This is a short story about how I became aware of the dangers of “careless preloading”, while learning a bit about memcached internals along the way.
A few years ago, while working on a high traffic app on the Facebook platform, I ran across a caching bug. All of a sudden, our memcached servers had stopped working — kind of. Stuff could be read, but nothing could be added to the cache: all
set operations failed. Actually, it was stranger than that: a few sets did go through.
I had just fixed a broken preload script (which had never actually worked but nobody had ever noticed!) shortly before caching hell broke loose, so that script was my primary suspect. I decided to try the app on a test environment with and without that script, and bingo: without that preload, memcached worked normally, whereas running that preload caused the erratic cache behaviour we were experiencing in production.
So, what’s a preload, anyway? It’s a script that fills the cache with data beforehand, in order to avoid having low performance while the cache is gradually fed objects after each miss. I hadn’t written any preloads, but back then I didn’t stop to think if they were a good or bad idea, either. And it turned out that in many cases they were a bad idea, because they are always a bad idea if done without proper consideration. Ultimately, it boils down to something that has long been known to be… the root of all evil. Yep, I’m talking about premature optimization.
So, when I fixed that preload script (a trivial edit), it… uhm, started working. And it turned out that its job was to select a whole freakin’ table — about 1.5M rows — and load it into memcached. But, hey, that would be, at most, inefficient, right? In the worst case, it might displace useful data replacing it with useless data, but things would fix themselves with usage, right? Wrong! Enter memcached slabs.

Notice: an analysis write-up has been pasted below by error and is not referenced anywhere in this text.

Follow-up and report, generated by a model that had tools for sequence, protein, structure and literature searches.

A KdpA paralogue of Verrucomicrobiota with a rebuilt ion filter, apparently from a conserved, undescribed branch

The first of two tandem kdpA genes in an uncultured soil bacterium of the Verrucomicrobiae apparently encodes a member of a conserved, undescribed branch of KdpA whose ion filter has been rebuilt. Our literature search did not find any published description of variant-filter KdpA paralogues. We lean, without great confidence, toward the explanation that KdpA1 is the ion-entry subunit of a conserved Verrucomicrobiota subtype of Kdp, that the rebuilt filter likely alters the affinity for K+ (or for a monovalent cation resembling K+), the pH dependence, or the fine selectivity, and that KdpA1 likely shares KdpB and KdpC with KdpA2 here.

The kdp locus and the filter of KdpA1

For speed and efficiency reasons, Memcached has a custom memory manager, which consists of “slabs”, each of which can be assigned any number of 1MB “pages”, which are in turn split into a number of equally sized “chunks”, each of which may hold an individual object. Slabs hold objects within a specific size range, starting at 88 bytes (I think) and growing exponentially in steps of 1.25x. So for instance there may be a 1280 byte slab, which contains any number of 1MB pages split into many chunks of 1280 bytes, each holding (unless empty) an object whose size will be under 1280 bytes (including key and flags) and above 1024 bytes (the maximum allowed for the previous slab). When you perform a
set, Memcached looks at the object size and determines which slab it belongs in, and looks for a free chunk in one of the pages, assigning the slab a new page if needed (i.e. if all its pages are full, or it has no pages at all because no objects of this size were stored before). And once assigned to a slab, a page stays assigned forever and it can’t be reassigned.
That explains the problem. Our preload scripts were executed after we had to resize our cache pool, or restart servers after security updates, or restart the daemon after a mysterious crash, or migrate to a different EC2 instance type, so they acted on an empty cache (no pages assigned). And this script was storing 1.5M objects with sizes in a rather specific range, causing all or most of the pages to be assigned to a few specific slabs, leaving none or too few available for the rest of the slabs. After a short while, the result was that, unless an incoming object’s size happened to match one of the few existing slabs, it was discarded. Regardless of the amount of empty space or stale data, those objects didn’t make it.
So the fix consisted in just removing that preload. The fact that we had never noticed that this particular preload was broken hinted that it wasn’t really necessary after all. And after some investigation and testing, it turned out that in normal operation — that is, caching objects on demand — only around 35k of the 1.5M objects were stored in the cache during the first hour, and there was little to no performance impact during this ramp-up period.
My point is not that preloading itself is inherently bad. Storing those 1.5M objects upfront could have been a good idea in some situation, but it wasn’t our case. My point is: before preloading data — before optimizing anything — make sure it’s necessary. If it is, make sure you’re being selective enough to preload useful data. And keep in mind that careless preloading may not only be useless or inefficient, but possibly harmful, as there may be unforeseen side effects.